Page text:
Partnering with Verizon Media for the 6th Annual Bridgeman Studio Award, the theme this year was ‘The Art of Diversity’, a cause championed by Verizon through previous campaigns which sparked interest from artists across the globe. As the fastest growing contemporary art competition for artists, illustrators, and fine art photographers, we expected a good response but have been overwhelmed with both the quality and quantity of entries for this year’s theme.
As the Bridgeman Studio Award 2019 closed for entries the entire team was amazed by the volume and quality of entries but most of all the diversity of entries which came from every corner of the globe. To every single artist, illustrator and photographer who entered, we want to thank you because we had an amazing experience viewing such incredible creativity.
With that in mind, we knew walking into the judging room that we were going to have a challenge on our hands to pick a winner. The room was located in Verizon Media’s beautiful offices in Holburn, London, UK. All the judges were present and we had three hours to choose a winner from the shortlisted 100 artists chosen by the Bridgeman Studio Artists team. Artists from 64 different countries made up the shortlist of 100 entries – quite a diverse selection!
Cecilia N’Zaou – Manager, Product Marketing for Publishers & Open Demand Solutions United ERG Global Lead – Verizon Media
Emily Heath – Diversity and Inclusion Manager – Verizon Media
Sinta Tantra – Artist
Zak Ove – Artist
Dirk Hendrickx – CEO – Bridgeman Images
Aretha Campbell – Artists Manager – Bridgeman Images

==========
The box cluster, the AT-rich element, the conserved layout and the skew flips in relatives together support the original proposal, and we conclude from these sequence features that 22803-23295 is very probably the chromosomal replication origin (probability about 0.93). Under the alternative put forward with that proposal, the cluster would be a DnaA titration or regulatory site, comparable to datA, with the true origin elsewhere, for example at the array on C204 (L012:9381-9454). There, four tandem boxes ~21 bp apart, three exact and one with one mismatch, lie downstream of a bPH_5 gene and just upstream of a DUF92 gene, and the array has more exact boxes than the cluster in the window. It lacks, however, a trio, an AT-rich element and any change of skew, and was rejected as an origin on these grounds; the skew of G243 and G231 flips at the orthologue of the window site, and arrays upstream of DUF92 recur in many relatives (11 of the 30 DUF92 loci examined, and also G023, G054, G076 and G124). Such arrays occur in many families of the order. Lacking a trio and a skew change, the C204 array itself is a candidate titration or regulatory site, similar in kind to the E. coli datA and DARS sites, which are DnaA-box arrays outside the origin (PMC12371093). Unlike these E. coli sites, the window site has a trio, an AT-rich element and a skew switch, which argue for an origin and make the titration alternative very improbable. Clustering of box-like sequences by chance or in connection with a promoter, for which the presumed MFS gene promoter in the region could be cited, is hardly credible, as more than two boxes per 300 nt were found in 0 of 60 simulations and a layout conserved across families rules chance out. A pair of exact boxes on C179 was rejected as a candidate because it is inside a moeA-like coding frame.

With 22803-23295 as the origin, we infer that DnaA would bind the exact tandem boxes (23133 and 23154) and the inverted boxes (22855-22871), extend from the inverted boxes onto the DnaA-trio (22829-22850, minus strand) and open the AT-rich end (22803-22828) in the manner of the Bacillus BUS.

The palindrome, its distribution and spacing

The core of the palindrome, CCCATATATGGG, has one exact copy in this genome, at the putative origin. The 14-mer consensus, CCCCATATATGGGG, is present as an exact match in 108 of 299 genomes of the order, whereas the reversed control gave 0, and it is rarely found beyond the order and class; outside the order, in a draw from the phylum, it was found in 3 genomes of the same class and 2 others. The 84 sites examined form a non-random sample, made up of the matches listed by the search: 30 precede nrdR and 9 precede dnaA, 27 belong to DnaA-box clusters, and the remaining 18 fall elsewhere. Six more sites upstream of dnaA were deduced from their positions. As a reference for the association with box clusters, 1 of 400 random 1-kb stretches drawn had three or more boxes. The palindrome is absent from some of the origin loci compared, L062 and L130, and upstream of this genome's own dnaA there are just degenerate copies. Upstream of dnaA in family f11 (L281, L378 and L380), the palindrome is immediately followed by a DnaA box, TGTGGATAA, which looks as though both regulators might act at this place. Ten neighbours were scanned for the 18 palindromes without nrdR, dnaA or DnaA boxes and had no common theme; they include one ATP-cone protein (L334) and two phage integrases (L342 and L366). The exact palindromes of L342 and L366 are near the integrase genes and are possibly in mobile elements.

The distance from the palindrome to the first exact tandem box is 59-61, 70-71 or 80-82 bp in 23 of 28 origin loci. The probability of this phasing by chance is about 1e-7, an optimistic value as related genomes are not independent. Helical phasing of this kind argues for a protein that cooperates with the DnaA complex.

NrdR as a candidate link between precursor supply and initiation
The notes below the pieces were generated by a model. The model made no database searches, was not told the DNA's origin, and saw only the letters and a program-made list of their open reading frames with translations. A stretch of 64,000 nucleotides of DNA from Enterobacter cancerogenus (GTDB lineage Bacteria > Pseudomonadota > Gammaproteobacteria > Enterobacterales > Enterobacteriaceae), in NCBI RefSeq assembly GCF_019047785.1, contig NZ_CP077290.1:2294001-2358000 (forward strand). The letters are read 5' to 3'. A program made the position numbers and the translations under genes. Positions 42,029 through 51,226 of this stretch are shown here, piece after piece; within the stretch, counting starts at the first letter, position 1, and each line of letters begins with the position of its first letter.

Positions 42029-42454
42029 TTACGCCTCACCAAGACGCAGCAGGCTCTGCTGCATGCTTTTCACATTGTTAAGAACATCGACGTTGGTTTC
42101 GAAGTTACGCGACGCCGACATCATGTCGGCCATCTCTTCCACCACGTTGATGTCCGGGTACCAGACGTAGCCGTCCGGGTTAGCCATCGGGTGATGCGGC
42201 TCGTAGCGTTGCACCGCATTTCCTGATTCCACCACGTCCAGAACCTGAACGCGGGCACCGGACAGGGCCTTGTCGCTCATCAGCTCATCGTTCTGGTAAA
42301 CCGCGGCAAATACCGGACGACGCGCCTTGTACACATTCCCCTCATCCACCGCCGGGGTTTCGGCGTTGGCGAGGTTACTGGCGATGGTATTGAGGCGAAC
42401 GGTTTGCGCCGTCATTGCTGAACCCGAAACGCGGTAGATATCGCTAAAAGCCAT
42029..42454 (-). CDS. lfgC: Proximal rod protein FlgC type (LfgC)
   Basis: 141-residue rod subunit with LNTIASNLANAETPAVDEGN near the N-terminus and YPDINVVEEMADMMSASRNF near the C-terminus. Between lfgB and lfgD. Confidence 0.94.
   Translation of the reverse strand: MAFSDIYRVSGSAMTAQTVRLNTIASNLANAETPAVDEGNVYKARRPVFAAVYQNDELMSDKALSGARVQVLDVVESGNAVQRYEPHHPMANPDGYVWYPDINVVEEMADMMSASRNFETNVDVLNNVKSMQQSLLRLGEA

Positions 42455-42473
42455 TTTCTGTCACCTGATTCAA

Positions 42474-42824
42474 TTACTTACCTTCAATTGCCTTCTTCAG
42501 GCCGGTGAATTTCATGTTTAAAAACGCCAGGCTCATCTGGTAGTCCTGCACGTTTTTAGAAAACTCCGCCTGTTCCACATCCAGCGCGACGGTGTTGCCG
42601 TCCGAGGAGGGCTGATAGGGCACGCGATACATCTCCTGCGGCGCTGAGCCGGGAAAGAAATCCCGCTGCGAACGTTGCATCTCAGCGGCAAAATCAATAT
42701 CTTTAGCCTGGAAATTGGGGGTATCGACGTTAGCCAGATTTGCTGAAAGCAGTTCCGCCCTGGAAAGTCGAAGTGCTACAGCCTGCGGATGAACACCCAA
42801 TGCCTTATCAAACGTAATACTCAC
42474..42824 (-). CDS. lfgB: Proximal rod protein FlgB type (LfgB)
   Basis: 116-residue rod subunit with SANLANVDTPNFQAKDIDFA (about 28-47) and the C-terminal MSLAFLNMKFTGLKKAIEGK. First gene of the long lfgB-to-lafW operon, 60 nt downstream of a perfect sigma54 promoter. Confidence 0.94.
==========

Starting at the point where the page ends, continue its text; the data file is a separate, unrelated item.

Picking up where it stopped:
As the judging process started there were constant compliments and discussions about certain artists that caught the eye. With Zak Ove’s energetic personality and Sinta Tantra’s insightful points of view, the judging process was a pleasure and experience to watch. Conversations between all the judges lit up the room as they delved into the artworks, every artist’s background, additional work, and online portfolios. They were not leaving any stone unturned in their hunt to find the winner.
After a couple of hours, a smaller list of potential winners began to emerge from each judge and then the real discussions began. Like watching a tennis match each judge pitched why they thought particular artists were worthy of taking the grand prize of £5,000, plus top position at the exhibition in the gallery of Yinka Shonibare CBE in London, with Limited Edition Prints and a Tote bag that will be sold for charity (and the profits split between Mama Biashara charity and the artist). An incredible prize that could transform any emerging artist’s career this year – and we had to select one winner!